EBS loses 320 milion euro contract in Netherlands over its involvement in Israeli apartheid

The Haarlem provincial government in the Netherlands has decided not to award a 10 years public transport contract to EBS, owned entirely by the Israeli company Egged Cooperative Israel.

Haarlem is a city and municipality in northern Holland with a population of over 155,000.

The company, which is  complicit in Israel’s violations of international law in the Occupied Palestinian Territories has lost the 320 million euro contract. In December 2014 the BPP (Broad Platform for Palestine in Haarlem) conducted extensive action against the possible arrival of EBS.

In December, BPP painted the text “No place for apartheid in the bus” at the bus station in the Tempelierstraat . It also addressed the Provincial Committee chaired by the Commissioner at the Provincial house. The action was supported by a petition which fetched 500 signatures within a week. The OECD standards and the UN Guiding Principles on Business and Human Rights (UNGPs) were a major theme in the campaign. These guidelines, to which the Netherlands is bound, require that companies and governments become informed of possible human rights violations in the chain of companies they do business with. Such violations should not be tolerated. BPP shared an extensive document on this issue with the Committee.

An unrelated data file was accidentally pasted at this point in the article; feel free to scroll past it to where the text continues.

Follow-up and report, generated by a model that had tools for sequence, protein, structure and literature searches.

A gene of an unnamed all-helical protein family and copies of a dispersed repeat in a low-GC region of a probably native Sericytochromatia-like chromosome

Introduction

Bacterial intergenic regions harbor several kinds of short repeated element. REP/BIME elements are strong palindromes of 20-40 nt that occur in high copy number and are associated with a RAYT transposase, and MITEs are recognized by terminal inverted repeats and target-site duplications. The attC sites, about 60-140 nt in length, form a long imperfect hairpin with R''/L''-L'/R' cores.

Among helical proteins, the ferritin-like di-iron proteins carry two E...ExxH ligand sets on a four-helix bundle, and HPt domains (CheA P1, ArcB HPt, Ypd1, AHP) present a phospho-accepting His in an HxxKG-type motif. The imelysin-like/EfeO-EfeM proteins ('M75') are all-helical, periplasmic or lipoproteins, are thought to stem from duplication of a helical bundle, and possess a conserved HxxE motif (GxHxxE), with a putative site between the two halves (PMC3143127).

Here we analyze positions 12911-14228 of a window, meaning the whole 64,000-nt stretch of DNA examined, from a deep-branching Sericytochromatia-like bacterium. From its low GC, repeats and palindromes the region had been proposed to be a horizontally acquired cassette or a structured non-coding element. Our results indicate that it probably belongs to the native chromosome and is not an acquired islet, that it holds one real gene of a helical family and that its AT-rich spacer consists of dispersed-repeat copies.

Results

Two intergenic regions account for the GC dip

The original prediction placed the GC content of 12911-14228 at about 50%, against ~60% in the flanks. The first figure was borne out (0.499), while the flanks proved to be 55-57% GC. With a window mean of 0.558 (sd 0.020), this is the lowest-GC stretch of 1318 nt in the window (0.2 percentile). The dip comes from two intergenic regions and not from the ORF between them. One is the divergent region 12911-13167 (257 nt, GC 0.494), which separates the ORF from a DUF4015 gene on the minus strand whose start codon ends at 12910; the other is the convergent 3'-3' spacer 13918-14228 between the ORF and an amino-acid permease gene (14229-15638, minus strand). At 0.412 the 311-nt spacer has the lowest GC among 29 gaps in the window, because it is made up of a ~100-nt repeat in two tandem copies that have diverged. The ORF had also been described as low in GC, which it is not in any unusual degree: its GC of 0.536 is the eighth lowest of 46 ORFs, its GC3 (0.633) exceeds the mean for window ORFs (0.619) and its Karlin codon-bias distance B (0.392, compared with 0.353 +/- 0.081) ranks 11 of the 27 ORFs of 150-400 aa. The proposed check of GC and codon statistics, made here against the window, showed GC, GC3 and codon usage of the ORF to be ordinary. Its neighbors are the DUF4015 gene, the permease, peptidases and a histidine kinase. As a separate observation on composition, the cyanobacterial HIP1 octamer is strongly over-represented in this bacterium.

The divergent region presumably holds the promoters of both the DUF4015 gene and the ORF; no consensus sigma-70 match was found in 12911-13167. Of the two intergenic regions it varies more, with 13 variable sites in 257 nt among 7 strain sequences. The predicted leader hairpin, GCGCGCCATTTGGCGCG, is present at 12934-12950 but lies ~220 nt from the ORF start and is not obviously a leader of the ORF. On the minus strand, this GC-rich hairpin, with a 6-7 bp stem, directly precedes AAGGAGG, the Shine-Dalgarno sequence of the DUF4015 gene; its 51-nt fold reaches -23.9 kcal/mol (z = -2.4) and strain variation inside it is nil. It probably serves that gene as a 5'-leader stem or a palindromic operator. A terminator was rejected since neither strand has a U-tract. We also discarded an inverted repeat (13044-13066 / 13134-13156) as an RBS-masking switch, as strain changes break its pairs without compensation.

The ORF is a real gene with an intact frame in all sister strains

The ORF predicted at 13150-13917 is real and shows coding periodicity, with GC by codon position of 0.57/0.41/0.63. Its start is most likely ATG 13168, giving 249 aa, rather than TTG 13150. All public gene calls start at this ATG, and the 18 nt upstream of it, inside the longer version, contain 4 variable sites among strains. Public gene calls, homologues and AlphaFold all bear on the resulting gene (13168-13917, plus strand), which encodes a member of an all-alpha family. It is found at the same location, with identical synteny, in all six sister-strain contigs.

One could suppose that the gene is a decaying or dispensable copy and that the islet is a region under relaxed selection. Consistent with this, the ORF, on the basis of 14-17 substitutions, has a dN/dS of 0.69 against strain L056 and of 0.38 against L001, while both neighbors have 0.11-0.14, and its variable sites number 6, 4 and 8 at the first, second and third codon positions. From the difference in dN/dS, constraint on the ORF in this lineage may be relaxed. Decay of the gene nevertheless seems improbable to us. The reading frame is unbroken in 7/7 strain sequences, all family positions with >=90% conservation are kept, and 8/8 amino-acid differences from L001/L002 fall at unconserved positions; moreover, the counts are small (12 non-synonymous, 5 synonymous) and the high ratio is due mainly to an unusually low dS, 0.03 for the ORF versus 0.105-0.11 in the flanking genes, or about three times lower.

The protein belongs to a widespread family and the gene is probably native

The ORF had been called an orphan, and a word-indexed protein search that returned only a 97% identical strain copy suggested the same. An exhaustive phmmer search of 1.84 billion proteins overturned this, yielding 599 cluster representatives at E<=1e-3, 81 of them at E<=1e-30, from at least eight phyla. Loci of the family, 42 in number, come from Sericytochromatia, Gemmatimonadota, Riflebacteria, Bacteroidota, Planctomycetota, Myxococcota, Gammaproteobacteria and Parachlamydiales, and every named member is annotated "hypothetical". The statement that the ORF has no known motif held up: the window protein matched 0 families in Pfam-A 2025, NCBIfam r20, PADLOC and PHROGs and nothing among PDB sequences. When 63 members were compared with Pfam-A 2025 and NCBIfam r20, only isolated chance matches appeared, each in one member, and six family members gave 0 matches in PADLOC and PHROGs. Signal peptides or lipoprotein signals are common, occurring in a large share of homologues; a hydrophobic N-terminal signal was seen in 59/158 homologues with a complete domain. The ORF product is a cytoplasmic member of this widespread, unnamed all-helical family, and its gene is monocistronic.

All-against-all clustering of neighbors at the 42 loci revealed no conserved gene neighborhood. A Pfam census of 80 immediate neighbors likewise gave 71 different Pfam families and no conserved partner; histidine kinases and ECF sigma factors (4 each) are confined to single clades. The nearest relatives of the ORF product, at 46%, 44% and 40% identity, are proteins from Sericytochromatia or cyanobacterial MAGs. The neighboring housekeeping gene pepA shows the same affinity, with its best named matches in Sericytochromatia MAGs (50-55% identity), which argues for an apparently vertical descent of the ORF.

EBS’ parent company EGGED is guilty of operating buses that are inaccessible to Palestinians, thus implementing a system of apartheid. Moreover EGGED profits from its bus lines to the illegal settlements. These serious violations of the above guidelines would have become a liability to the Provincial Government.

BPP’s campaign is part of the global campaign for Boycott, Divestment and Sanctions.

Egged Europe currently operates in Bulgaria, Poland and the Netherlands. In 2010 Egged won a tender for transportation services to greater Amsterdam and municipalities north of the capital. The service operates through a wholly-owned Dutch subsidiary, EBS. EBS has an agreement with the Amsterdam Municipality for eight years, with an option to extend to ten.